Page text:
When we left LeRoy Irvin last November, he was cleaning out his locker at Rams Park, waiting to hear where he'd be shipped next. He'd gone from cornerback, first-rate, to trade bait. It was a done deal. Irvin, following in the gloomy shadow of Eric Dickerson, had leapfrogged over lines of contract diplomacy and seemingly played his last game as a Los Angeles Ram.
Coach John Robinson suspended Irvin Nov. 4 for "conduct detrimental to the team." He told players at a team meeting that week that Irvin would never play for him again. Robinson had watched all summer as Irvin, unhappy with his contract renegotiation, nursed a bruised ego and a sore hamstring. Robinson watched as Minnesota receiver Hassan Jones ran by Irvin to catch a game-winning pass in Week 2. Robinson listened when Irvin called in sick with the flu just days after Dickerson was traded.
Surprisingly, Irvin returned after his suspension and the trading deadline passed and he played out the season. Then he said goodby again after the most lopsided loss in team history--a 48-0 beating by the San Francisco 49ers at Candlestick Park.
Irvin had seemingly burned every Ram bridge, crossed every coach, perturbed every player. Irvin even fired his agent, Ernie Wright.
Yet here he is in 1988, still a Ram, starting his ninth season. Irvin, who will turn 31 this month, shocked many in July when he signed a three-year, $1.65 million contract extension through 1990. Do you believe in miracles?
Now, Irvin is trying to forget his lost season and recapture the form that led him to back-to-back Pro Bowl appearances in 1985 and '86. During a recent break in training camp, Irvin sat down and discussed his strange 1987 season, his face-to-face encounters with Ram Vice President John Shaw and his future as--can you believe it?--a Ram.
Question: I think everyone is surprised, shocked perhaps, that you're with the Rams this year. How surprised are you?
Answer: I'm really surprised I'm here, because last year when the season was over I just knew for some reason I was going to be in a different uniform this year. I didn't think I was going to be able to play for the Rams anymore after last year. John Shaw told me he wasn't going to trade me, but I didn't know what to believe. Deep down, I wanted to be here, I spent a lot of time here. I made a lot of friends in Orange County. I didn't want to be traded, but I had a gut feeling that I had played my last game in a Ram uniform.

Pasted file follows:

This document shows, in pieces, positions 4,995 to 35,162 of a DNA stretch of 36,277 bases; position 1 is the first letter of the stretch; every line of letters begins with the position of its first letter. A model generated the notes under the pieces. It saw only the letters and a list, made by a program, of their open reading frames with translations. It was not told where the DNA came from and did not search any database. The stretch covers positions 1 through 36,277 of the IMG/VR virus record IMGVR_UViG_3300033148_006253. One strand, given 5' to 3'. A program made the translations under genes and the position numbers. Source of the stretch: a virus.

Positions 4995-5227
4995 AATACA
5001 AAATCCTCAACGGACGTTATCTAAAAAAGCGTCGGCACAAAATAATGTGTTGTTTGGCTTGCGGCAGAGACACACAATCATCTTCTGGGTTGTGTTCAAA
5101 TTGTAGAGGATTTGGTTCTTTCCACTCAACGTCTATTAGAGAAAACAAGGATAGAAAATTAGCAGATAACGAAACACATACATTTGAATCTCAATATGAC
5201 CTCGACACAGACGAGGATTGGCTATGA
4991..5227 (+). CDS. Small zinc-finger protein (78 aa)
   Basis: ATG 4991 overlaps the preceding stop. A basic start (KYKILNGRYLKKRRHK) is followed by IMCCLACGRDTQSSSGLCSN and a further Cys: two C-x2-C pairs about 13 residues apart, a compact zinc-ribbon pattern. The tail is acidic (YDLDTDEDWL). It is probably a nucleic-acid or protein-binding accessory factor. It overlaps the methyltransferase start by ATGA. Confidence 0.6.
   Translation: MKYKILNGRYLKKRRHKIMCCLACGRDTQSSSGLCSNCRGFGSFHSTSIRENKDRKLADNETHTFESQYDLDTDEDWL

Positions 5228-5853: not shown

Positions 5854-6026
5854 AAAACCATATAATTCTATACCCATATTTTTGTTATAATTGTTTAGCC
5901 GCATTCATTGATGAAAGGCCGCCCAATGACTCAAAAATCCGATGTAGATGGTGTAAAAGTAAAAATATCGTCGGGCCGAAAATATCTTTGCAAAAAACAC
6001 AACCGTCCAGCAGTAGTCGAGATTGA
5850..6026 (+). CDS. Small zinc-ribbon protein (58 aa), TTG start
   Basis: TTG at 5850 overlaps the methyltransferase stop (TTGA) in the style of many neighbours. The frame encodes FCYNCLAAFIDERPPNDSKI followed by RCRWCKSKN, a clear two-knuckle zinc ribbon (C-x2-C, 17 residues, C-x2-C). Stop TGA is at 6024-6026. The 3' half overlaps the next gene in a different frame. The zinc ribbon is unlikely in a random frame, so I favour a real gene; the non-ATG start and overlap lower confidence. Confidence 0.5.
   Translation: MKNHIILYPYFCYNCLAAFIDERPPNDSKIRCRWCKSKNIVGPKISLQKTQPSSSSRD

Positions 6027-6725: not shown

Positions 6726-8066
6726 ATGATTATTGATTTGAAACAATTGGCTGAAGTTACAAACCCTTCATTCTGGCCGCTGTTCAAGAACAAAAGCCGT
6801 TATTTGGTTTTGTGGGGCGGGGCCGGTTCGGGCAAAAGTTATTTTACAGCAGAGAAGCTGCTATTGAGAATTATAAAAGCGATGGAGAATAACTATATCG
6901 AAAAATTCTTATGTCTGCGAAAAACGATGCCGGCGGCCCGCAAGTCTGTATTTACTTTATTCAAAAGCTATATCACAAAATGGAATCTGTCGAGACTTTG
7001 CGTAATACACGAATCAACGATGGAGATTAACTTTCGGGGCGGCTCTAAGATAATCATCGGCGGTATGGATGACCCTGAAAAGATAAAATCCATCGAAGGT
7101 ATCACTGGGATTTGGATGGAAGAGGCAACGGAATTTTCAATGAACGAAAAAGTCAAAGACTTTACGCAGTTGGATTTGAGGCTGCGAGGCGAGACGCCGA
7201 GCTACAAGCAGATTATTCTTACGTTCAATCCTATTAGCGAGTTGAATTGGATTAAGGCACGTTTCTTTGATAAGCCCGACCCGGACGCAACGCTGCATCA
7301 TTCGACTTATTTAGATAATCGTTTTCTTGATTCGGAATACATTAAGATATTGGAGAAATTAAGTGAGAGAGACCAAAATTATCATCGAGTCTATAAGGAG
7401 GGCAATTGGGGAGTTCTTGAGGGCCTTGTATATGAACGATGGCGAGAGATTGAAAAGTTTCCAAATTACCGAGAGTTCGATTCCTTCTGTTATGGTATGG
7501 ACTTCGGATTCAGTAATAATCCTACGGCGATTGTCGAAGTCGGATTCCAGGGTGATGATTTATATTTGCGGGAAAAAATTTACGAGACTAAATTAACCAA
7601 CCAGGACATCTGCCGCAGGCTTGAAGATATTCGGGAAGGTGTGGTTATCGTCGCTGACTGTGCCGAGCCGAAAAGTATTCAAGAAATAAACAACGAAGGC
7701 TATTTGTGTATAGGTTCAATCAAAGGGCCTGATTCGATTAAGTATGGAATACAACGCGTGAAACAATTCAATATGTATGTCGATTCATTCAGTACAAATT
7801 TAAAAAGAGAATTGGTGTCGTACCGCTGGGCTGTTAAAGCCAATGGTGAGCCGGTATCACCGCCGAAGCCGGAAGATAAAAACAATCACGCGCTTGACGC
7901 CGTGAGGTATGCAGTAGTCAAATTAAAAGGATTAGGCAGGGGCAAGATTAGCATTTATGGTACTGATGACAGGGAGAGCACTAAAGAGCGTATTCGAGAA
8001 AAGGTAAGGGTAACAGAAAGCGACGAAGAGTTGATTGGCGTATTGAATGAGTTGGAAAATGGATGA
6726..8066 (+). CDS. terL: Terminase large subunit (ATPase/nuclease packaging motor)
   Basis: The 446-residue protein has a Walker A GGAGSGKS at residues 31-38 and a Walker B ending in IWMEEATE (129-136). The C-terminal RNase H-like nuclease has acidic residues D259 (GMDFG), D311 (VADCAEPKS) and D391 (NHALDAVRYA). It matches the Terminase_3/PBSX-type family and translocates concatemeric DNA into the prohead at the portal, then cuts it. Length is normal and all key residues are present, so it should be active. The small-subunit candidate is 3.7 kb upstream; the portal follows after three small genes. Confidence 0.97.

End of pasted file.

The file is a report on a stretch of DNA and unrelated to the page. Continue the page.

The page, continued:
Q: Why were you able to work something out?
A: My agent, Charles Chin, told me, "Look, you're underpaid, but you're not that underpaid. The Rams are not going to trade you. You have two choices, you can sit out and lose all the money and slip into oblivion, or work out something that for both sides is a win-win situation."
Q: Are you finally happy?
A: I'm happy in the sense that I don't want to go through another year like last year. I lost a lot of respect. Monetarily, I might have gained, but the way people around the league, coaches, fans, looked at LeRoy Irvin, I lost. It took me eight years to build the reputation of being the kind of guy I was, and it took me just one year to drop out of sight. I lost so much last year. I don't want to go through another year like that."
Q: How close were you to permanently alienating your coaches and teammates?
A: I didn't know who was on my side, if John Shaw liked me or if John Robinson liked me or the players liked me. One thing I did know was that (defensive coordinator) Fritz Shurmur liked me. In the end, Fritz was one of the big reasons why I wanted to come back and play. Fritz brought me up through my career, I respect him a lot, and the things he said to me were genuine. That's when I said I wanted to play for the Rams, let's work out something in the off-season. Then when he changed the defense, I was really excited about that. It lets me come back here and take back what I lost.
Q: Will you look back in 10 years and regret the problems you caused in 1987?
A: It doesn't have to be 10 years from now, I'm sick at myself for what I did last year. I had a chance to go three times straight to the Pro Bowl. Now, it's like pre-1985, when I had to battle just to be considered one of the top guys again. I lost far more than I ever could gain. I had to do what I had to do. But I look back on it as being a mistake, a mistake in strategy.
Q: John Shaw is often portrayed as a villain, a bottom-line negotiator with little compassion. Yet, you've always said how much you liked Shaw as a person. How can this be?
A: I think it's like a game and he's a receiver, but he's also a friend of mine. When the bell sounds, we have to go at each other--that's business. I try to get as much as I can. His job is to keep me for as low as he can. I think when the game's over, I can go shake John's hand. To me, he's a nice guy, he's never done anything wrong to me and he's always respected my ability. I was always able to call him and talk to him. He always calls me back when I call.